The slope or pitch in any roof can be the result of several different methods. Generally in newer buildings, the roof structure is sloped to drains or scuppers, which are placed at low points in the structural deck. Poured-in-place deck materials, such as lightweight insulating concrete, are sometimes used to provide slope on a flat structural deck. Finally, tapered insulation may have been used to create slope on top of a flat structural deck. Particularly with reroofing design, it is imperative to understand what element provides slope, structure, topping layer or tapered insulation. Core samples can be used to identify what element is providing slope. If the roof deck is sloped, then multiple core samples taken at various locations across the roof should show the same roof composition and thickness. If lightweight concrete provides slope, then core sampling would allow identifying the thickness at ridges and drains, helping the inspector to understand how the slope is provided. Similarly, core samples can help define tapered insulation layouts, and minimum/maximum thicknesses, for later use.
3. Diagnostic Core Sampling
Core sampling is a very useful tool to help diagnose whether or why a particular roof defect may exist, such as blistering in a multi-ply asphalt roof, loss of roof adhesion (blow-off), hail damage, or suspected wet insulation. Core sampling is the surest method of verifying presence and location of wet roofing components when conducted at the conclusion of an infrared or nuclear moisture detection scan. Core sampling is also prescribed to identify why a roof failed in a field uplift test, such as those required by FM Global in hurricane prone zones (FM Loss Prevention Data Sheet 1-52).
4. Hazardous Materials Identification
Core sampling is required when conducting testing for asbestos content in roofing materials. Testing is often conducted on all roofing layers including roof membrane, insulation and various barrier layers. Identifying the existence of phenolic foam insulation during core sampling is very important information as this material can cause greatly accelerated corrosion on ferrous materials, such as steel roof decking. Once phenolic insulation is identified as being present, larger cores may be taken to examine whether such corrosion is observed.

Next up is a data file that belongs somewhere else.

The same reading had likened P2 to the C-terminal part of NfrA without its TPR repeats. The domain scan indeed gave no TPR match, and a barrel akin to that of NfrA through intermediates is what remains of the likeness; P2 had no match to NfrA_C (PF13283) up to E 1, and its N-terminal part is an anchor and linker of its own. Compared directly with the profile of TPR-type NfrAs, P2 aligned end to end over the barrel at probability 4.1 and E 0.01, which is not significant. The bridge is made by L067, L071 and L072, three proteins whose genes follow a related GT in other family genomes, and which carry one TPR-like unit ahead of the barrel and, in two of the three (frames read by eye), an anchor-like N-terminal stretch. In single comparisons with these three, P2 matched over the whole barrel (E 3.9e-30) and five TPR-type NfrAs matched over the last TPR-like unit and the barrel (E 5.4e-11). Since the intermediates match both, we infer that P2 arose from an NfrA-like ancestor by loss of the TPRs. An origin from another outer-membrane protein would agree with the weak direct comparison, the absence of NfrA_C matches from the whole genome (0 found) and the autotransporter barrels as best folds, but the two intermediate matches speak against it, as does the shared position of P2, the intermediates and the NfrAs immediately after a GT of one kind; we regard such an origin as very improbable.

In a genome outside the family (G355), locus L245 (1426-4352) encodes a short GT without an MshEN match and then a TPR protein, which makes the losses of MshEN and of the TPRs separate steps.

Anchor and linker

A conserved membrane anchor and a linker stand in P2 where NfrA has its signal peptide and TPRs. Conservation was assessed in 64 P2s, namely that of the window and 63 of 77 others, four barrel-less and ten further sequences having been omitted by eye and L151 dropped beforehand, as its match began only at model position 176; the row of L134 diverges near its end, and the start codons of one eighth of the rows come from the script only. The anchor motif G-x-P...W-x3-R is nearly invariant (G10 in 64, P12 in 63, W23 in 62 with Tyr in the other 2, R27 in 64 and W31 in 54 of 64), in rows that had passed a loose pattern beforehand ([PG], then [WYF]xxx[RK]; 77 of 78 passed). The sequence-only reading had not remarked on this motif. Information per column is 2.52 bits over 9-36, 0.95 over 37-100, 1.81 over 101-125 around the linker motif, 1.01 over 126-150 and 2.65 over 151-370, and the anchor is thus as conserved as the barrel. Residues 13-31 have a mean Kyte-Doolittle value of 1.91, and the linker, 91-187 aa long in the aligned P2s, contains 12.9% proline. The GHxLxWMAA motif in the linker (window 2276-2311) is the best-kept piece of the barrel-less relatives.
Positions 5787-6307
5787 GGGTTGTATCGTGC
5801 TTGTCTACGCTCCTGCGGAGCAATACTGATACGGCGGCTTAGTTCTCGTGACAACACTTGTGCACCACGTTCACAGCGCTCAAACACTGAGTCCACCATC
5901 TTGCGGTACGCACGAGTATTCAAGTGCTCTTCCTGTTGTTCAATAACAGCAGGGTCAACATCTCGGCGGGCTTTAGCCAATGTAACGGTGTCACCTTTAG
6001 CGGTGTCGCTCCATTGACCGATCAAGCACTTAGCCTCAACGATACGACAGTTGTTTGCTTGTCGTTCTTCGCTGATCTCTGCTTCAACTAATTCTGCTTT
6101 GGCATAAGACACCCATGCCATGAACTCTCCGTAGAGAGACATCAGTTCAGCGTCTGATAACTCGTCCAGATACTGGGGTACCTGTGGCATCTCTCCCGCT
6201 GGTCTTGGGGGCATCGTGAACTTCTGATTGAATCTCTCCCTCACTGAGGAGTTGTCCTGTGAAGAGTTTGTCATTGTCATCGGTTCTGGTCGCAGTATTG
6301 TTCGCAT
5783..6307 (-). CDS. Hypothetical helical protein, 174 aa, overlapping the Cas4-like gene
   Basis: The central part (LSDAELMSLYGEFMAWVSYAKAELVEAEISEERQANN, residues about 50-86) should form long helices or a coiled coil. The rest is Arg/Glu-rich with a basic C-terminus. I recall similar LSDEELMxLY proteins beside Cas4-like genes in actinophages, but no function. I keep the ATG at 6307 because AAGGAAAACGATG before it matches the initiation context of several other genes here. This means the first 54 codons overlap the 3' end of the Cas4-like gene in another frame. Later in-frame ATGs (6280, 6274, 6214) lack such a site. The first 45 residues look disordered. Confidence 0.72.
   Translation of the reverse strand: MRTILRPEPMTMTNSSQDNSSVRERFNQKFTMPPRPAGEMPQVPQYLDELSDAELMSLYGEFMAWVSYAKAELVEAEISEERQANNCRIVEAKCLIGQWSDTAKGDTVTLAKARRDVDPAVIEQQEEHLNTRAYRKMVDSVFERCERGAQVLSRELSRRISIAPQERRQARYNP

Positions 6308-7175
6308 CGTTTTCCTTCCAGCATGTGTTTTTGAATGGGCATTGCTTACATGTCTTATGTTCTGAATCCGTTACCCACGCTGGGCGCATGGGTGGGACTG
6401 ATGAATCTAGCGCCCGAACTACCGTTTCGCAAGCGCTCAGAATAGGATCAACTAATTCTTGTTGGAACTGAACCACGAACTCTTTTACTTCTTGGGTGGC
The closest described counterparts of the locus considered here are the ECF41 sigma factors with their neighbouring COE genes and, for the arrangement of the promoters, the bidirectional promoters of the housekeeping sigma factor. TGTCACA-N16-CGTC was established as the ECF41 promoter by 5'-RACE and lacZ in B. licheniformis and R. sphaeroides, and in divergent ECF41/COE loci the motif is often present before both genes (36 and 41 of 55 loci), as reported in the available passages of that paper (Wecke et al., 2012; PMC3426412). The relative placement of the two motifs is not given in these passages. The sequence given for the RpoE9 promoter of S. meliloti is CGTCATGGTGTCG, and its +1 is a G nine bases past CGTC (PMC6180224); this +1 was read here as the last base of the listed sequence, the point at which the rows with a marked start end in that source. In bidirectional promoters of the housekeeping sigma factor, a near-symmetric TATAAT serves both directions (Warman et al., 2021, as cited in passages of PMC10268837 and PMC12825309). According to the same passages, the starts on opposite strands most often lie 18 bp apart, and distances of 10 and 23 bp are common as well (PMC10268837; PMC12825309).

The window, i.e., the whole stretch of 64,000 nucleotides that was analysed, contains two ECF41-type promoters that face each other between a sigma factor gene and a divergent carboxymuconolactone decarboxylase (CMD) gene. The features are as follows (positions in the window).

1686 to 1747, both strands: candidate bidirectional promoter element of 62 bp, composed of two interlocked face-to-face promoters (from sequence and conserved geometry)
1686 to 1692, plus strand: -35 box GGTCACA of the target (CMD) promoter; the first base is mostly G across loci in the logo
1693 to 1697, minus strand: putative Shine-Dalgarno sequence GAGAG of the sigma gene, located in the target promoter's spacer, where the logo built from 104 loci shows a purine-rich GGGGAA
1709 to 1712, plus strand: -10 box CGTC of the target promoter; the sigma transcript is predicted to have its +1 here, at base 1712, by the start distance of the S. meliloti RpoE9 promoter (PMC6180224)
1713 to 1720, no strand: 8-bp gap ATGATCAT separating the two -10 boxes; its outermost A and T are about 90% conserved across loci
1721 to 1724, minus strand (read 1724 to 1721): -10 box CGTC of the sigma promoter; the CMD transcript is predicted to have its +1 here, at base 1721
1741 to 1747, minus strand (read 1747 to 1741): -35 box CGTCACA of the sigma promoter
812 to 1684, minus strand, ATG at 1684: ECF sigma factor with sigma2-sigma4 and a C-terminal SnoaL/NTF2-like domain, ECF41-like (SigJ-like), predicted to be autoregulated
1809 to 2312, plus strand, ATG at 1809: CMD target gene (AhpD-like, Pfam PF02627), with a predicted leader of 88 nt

Corrosion of the Type A steel decking was discovered at this core sample.
5. Roof Design Information
It is quite infrequent that roofs are constructed exactly as originally shown in architectural drawings, even “as-built” drawings. In addition, changes occur between the original building construction and the present. Roofs are often recovered or replaced multiple times during the service life of a building, so original building drawings may not reflect those “updates.” An important example that comes to mind is when core samples reveal 5/8” gypsum board layer placed directly over a steel deck. This “find” is a clue that the existing roof was designed to meet a specific fire resistance rating. Fire resistive ratings are often required over places of public assembly, and fire resistive roof constructions provide occupants sufficient time to escape in a fire. Reroofing design should seek to match the fire resistance rating, an effort that may take some research. Core sampling adjacent to perimeter edge conditions can provide a roof designer with helpful information such as the height, orientation, and condition of perimeter wood blocking. A roof designer can then decide whether the blocking can be re-used or whether it needs to be removed and replaced. Knowing whether parapet walls were sheathed with plywood or gypsum board is also good information, as existing gypsum board is often damaged during roof tear-off and may need to be replaced, whereas plywood is typically re-usable.
Curiosity Makes for Good Roof Consulting
A good roof consultant needs to have a broad level of experience and knowledge for sure, and it helps to have some wisdom. But I think the difference maker is curiosity. A roof consultant doing roof evaluations or gathering information for reroofing design will be well served to be curious. I have cored through roofs with multiple distinct roof systems only to find thick layers of sloped fill material, frozen insulation, or hidden electrical conduit – any of which could have tripped me up and created certain heartache once under construction. Having a curious mind and the energy to take more core samples will make life easier for the roof consultant, roofing contractor, and owner alike.
When a roof consultant or contractor shows the initiative to take core samples, they are exercising due care and diligence, and perhaps – curiosity.